Monday, 15 July 2013

Clean your own Sensor

I've always stayed away from cleaning a digital sensor. It seemed to have a high potential for disaster, so I have left it to the experts.

But all that changed recently after a friend of mine 'loaned' me her 50D, after she was the lucky recipient of a brand spanking new 5D MkIII. It has had a bit of a hard life (the 50D), and was in desperate need of a sensor clean.

Arctic butterfly in sexy lime green :-)
Another friend of mine owns an Arctic Butterfly sensor cleaning brush. So I put 2 and 2 together and thought "What the heck, why not try and clean the sensor myself?"

In reality, it's a pretty simple process. SLR's have a 'mirror lock up' function - sometimes even called 'sensor clean' in the menu, that will flip the mirror up and out of the way, leaving the sensor exposed. Only it isn't really exposing the sensor, since there are other filters and micro lenses etc on top of the filter - and this is where the dust settles.

The 50D does have a sensor cleaning system that vibrates to shake the dust off every time you turn the camera on and off, but this isn't 100% effective (obviously), and with enough abuse, the sensor will have to be cleaned manually.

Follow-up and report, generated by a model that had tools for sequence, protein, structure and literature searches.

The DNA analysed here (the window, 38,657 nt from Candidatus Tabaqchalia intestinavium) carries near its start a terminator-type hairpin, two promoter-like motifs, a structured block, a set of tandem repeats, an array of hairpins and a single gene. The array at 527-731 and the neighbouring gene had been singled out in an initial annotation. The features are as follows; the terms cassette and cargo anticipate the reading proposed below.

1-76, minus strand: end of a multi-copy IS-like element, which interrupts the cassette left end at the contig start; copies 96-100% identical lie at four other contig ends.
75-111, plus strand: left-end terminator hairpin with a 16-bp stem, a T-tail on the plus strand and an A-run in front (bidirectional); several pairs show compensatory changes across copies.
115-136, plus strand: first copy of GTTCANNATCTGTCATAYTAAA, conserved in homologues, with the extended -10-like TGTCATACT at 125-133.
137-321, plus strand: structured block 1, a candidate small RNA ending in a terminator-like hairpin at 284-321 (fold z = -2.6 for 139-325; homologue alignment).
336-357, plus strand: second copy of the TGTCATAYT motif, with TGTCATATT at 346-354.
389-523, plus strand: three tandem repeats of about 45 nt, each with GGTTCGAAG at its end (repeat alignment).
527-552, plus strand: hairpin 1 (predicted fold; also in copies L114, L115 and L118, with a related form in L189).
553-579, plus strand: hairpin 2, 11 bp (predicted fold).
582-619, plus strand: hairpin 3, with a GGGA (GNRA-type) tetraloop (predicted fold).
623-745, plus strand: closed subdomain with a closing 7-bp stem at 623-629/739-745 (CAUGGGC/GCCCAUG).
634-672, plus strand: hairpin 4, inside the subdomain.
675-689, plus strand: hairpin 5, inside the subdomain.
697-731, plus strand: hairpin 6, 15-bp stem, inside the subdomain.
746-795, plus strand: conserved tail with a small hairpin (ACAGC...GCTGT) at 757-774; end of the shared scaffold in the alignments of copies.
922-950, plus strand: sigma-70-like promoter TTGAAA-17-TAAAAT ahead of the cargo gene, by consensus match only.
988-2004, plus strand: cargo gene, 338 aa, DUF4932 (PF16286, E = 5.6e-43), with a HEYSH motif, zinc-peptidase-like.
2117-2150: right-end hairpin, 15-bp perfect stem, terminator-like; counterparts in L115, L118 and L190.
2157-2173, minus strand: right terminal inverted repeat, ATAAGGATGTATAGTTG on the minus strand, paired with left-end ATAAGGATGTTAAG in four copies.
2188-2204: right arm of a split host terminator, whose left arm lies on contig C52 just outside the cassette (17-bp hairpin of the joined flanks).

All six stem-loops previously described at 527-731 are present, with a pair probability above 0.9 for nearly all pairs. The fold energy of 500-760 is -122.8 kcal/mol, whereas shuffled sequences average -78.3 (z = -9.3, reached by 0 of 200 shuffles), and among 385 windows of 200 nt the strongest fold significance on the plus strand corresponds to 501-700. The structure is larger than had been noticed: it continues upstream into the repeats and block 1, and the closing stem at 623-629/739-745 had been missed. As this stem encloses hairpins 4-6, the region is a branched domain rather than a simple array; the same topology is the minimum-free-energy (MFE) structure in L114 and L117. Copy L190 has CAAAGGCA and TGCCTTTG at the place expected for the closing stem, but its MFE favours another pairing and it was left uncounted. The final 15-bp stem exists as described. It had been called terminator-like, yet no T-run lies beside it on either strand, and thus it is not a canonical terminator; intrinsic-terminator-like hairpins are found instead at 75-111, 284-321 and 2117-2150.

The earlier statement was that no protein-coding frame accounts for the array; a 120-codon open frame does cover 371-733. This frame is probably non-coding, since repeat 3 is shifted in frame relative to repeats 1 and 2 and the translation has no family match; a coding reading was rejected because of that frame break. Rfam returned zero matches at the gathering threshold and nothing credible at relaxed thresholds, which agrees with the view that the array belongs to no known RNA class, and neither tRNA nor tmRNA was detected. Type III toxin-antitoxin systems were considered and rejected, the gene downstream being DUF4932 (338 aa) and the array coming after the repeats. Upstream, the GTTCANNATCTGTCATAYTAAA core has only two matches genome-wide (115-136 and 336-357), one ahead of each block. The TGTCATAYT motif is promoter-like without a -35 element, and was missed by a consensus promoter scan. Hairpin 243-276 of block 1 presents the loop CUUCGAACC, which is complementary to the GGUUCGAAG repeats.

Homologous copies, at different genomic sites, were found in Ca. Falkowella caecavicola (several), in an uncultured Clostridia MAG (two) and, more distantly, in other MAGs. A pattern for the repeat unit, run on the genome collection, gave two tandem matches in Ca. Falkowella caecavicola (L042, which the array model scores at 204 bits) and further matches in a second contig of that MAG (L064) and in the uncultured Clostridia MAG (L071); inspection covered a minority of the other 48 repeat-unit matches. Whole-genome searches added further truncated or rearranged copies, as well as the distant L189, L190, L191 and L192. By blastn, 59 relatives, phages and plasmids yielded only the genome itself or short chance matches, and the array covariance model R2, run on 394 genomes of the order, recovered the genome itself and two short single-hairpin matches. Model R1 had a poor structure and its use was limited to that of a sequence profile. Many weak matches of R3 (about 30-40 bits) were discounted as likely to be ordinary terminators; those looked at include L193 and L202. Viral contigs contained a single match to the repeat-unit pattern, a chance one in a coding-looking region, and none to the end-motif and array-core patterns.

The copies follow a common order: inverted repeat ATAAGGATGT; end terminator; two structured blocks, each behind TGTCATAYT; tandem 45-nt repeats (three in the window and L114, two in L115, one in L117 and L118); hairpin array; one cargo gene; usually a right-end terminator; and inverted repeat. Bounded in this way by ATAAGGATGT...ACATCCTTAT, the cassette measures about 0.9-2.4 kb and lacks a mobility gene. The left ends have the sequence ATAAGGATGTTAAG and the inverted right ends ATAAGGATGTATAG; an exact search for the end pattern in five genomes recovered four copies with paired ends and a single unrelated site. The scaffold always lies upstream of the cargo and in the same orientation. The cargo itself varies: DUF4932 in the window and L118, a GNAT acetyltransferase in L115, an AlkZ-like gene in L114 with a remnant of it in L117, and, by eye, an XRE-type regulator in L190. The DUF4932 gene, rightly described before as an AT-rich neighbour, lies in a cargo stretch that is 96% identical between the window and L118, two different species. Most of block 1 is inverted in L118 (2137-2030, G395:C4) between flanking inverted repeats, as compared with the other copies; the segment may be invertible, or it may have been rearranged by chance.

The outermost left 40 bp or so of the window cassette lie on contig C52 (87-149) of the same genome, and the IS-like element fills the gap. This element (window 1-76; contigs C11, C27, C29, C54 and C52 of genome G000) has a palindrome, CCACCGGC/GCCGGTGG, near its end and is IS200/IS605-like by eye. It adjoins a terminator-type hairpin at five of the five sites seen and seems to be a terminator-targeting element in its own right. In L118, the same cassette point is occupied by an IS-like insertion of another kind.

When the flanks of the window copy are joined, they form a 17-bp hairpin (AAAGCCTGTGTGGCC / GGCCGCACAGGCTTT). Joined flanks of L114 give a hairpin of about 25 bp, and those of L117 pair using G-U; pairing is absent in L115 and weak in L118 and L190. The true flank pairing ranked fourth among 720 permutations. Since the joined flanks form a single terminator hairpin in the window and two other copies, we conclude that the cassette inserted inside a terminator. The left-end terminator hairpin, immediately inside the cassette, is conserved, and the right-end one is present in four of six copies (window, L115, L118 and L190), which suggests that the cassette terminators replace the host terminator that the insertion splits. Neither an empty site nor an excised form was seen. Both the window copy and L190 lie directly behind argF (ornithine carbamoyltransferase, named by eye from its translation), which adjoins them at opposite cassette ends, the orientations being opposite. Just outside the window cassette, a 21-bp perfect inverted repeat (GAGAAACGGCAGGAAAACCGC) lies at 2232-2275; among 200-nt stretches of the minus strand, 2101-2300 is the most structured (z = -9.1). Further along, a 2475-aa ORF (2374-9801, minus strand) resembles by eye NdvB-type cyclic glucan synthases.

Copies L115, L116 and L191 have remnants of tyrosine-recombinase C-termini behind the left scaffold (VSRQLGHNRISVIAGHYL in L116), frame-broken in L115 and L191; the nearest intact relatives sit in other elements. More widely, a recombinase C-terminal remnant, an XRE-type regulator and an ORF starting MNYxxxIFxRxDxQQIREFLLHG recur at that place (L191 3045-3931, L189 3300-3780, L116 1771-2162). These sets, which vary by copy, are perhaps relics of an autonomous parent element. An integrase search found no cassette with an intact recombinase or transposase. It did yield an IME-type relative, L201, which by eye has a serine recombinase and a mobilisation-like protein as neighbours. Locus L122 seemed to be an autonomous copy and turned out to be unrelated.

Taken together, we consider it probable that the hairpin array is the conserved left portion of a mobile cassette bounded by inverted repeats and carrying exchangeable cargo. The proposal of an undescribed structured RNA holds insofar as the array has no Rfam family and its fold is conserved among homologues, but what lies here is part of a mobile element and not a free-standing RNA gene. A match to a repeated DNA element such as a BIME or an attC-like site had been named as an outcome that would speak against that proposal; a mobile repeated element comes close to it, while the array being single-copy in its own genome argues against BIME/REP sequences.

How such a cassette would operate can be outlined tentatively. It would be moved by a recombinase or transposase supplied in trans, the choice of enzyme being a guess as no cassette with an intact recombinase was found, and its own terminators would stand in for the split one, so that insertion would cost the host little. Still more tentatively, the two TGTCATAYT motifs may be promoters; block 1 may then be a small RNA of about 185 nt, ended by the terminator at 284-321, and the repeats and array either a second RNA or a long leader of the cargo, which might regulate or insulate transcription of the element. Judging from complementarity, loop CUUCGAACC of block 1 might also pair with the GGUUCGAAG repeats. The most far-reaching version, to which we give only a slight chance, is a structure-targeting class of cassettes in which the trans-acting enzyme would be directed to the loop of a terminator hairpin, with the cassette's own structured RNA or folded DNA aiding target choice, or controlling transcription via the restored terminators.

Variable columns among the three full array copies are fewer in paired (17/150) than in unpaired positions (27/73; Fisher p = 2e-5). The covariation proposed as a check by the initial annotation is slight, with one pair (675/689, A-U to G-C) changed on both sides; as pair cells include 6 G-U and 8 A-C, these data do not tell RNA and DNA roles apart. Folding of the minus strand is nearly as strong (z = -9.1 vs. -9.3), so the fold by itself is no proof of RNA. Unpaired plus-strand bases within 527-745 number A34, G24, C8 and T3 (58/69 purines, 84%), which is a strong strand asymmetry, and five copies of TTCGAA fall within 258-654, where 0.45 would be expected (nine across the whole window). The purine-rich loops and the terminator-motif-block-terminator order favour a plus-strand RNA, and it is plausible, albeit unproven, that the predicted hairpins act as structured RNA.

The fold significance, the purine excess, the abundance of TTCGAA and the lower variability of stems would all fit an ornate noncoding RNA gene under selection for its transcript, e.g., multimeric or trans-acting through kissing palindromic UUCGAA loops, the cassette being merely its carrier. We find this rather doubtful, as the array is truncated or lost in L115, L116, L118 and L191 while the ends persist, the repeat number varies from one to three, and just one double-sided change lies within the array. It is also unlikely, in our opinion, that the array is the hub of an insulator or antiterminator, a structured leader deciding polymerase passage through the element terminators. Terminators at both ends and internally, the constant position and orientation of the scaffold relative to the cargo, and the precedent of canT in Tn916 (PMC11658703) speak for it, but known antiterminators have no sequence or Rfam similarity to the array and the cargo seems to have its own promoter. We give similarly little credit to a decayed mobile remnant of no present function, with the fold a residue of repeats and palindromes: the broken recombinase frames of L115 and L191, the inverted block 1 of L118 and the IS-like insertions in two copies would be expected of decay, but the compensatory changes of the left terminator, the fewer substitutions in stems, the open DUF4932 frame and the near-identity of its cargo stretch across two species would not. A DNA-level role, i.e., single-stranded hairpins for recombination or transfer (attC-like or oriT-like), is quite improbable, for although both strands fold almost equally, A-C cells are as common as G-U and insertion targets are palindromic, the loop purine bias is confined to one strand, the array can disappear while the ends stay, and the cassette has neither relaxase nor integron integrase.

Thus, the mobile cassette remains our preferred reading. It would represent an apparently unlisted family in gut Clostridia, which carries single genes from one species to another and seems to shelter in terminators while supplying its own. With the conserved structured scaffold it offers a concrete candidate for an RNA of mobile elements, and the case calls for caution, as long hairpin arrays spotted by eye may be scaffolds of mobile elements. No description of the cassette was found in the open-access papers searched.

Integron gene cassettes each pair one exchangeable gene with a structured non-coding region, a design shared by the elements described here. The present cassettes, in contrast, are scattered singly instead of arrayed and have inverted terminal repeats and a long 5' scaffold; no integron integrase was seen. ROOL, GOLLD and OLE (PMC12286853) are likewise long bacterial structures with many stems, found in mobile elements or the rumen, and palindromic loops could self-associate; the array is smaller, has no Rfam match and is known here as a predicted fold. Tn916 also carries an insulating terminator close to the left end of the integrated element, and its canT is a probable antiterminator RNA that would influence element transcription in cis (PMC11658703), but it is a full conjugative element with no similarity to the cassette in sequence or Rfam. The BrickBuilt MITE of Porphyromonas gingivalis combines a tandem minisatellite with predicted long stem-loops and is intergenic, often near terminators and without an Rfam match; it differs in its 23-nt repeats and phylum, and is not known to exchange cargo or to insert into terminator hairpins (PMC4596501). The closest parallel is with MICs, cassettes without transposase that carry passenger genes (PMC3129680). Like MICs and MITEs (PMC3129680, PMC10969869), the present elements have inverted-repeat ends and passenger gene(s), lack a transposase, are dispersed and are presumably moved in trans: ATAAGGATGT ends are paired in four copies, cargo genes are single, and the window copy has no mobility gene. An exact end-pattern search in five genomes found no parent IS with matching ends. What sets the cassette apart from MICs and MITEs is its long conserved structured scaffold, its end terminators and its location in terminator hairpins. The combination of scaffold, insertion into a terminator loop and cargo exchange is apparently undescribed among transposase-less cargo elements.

There are quite a few 'do it yourself' solutions out there, but for me, the Arctic Butterfly (while not cheap), seems the best option because it doesn't rely on any chemical swabs going anywhere near the sensor.

All you do is initiate the sensor cleaning mode on your camera (follow the manuals instructions), which will expose the dirty sensor, and then turn the Arctic Butterfly 'on' a few times to spin the bristles and discharge any dirt or static before wiping it across the sensor. This is important. Don't spin the brush inside the camera!

The sensor on the 50D before the sensor clean.
A quick snapshot of a blank wall with the camera set on a small aperture (f16 for lots of depth of field) revealed all the nastiness. Lots of ugly dust bunnies.

And after the cleaning....
Wow! Is it really that easy? Yep. If you look really close, it's not absolutely perfect - but it's pretty darn good. Clean enough for me at least.

So there you have it. Don't be afraid to clean your own sensor if it needs it. And if an Arctic Butterfly is a little too costly for you, then why not get together with a few other photographers and buy one together. You should only have to use it once a year or so (if you're careful with lens changes), so you could share it around? Just a thought...

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